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Winsford Rock Salt Mine
Meadowbank, north of Winsford, Cheshire
associated engineer
Not known
date  open 1844 - 1892, re-opened 1928
UK era  Victorian  |  category  Mining/Quarrying  |  reference  SJ651684
Winsford Rock Salt Mine, located west of the River Weaver at Meadowbank, is Britain’s oldest working mine and the last salt mine on the mainland. Even before the Romans arrived, salt had been produced in the area by boiling the water from the natural brine springs.
The solid veins of underground rock salt were discovered here in the 17th century, when prospectors began searching for coal to fuel their saltpans. The salt mined here is now used for gritting and de-icing roads. Some of the space left by salt extraction houses secure storage facilities.
The Triassic rock salt, or halite, at Winsford is arranged in seams some 25m thick, sometimes mixed with bands of Keuper Marl. Water has penetrated the upper seams, giving rise to the brine springs,but the deepest beds lie beneath a layer of impervious marl. The two workable seams are 130-220m below the surface, with the purest salt in the deepest part of the seam.
Formerly known as Meadow Bank Mine, Winsford Rock Salt Mine officially opened in 1844, when Shafts 1 and 2 were sunk. Each shaft was 1.2m square, and lined with timber and puddle clay. Both shafts were originally 64m deep but were later extended to 152m deep to reach better quality salt.
Men, materials and salt were all lowered and raised through the shafts in buckets. Black powder was used to blast the rock face, then the salt was dug with hand picks and shovels, and transported back to the shafts in wooden barrels. The only light was from tallow candles. Despite the hardships, the miners managed to extract 90% of the rock, leaving the remaining 10% as pillars to support the overburden.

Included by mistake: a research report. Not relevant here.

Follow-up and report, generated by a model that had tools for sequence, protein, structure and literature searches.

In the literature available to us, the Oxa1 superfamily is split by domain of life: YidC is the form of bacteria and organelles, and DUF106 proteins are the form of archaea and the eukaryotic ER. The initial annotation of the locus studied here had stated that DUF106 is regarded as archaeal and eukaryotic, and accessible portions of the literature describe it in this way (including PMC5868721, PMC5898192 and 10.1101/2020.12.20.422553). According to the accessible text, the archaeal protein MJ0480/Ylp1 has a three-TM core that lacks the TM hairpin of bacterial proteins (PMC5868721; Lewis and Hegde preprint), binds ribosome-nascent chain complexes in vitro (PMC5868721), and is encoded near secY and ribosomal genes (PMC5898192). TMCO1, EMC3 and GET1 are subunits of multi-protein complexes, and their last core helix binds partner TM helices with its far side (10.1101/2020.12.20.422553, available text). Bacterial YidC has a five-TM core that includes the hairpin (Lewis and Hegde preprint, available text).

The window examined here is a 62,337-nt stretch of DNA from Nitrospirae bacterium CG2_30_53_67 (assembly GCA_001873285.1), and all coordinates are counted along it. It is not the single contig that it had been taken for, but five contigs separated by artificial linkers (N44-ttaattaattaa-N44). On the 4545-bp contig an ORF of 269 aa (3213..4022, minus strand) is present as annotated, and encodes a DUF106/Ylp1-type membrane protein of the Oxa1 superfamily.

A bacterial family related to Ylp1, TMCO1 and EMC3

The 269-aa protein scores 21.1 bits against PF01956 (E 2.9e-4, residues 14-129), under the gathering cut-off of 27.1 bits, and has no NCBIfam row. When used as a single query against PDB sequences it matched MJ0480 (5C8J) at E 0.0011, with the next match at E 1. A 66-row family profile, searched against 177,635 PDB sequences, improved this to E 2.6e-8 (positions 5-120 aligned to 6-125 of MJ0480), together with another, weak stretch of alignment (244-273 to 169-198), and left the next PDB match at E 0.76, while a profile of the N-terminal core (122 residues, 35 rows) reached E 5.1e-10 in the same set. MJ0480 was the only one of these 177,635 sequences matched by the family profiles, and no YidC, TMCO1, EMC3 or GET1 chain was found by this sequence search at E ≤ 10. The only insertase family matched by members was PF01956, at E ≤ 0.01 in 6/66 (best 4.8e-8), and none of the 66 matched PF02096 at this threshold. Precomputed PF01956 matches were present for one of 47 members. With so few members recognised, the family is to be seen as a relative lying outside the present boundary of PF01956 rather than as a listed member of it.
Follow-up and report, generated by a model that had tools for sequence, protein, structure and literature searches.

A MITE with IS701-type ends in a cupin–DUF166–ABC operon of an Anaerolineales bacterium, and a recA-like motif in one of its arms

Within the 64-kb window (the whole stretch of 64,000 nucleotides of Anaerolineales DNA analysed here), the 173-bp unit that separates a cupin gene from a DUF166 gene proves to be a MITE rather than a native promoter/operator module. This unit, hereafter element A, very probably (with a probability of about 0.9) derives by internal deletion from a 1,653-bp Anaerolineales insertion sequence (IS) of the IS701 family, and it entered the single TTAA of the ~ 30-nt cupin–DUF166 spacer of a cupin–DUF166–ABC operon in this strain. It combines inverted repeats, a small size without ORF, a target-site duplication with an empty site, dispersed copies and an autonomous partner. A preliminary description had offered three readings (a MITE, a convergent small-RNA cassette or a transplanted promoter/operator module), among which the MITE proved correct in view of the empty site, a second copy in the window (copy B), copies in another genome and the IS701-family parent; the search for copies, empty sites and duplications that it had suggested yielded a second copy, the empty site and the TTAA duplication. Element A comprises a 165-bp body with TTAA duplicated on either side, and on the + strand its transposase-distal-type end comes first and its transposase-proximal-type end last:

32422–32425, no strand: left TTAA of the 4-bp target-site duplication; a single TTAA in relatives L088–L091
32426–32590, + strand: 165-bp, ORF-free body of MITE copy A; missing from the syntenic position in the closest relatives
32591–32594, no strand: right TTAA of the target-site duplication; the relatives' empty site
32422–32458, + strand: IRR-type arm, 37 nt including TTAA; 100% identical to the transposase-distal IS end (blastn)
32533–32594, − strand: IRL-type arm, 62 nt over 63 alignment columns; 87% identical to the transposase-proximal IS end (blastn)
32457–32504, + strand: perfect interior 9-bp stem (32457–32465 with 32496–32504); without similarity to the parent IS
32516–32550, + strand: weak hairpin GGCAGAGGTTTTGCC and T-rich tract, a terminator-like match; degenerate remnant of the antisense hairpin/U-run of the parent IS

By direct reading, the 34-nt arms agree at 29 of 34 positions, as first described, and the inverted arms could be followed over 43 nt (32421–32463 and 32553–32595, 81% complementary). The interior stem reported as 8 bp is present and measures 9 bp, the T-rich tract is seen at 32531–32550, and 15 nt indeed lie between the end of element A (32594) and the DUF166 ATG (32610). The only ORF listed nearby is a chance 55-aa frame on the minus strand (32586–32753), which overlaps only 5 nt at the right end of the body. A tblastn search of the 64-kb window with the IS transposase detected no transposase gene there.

However, by the late 19th century the salt industry was suffering from over-supply — the formation of the Salt Union in 1888 having failed to solve the problem. The mine closed in 1892, after yielded a million tonnes of rock salt. It reopened in 1928, after other local salt mines had flooded. Electricity was introduced in the 1930s, and Shaft 3 was sunk in 1941. Shafts 1 and 2 were sealed and filled in the 1970s.
Shaft 3 is circular in cross-section with a diameter of 3m and a depth to the sump of 168m, although the decking level is at 152m. This shaft is now used for access. The original brick lining has been replaced with concrete. Its balanced pair of double-deck cage lifts was upgraded to a fixed self-service lift in the 1970s, which takes a minute to descend.
Shaft 4, 1.6km east of Shaft 3, was constructed in 1963 and is used for both ventilation and materials access. Also circular, it has a concrete lining with an internal diameter of 4.9m, a depth of 189m and a decking level of 183m. The double compartment lift takes five minutes to descend, carrying people in the upper section and cargo in the lower section.
The cargo compartment is 7m high, 2.4m wide and 4m deep and can take loads of up to 15 tonnes. All machinery, including the huge excavators, is brought into the mine this way. Items have to be dismantled into lift-sized pieces and then reassembled in the underground workshops — this means that once in the mine, most machines never leave!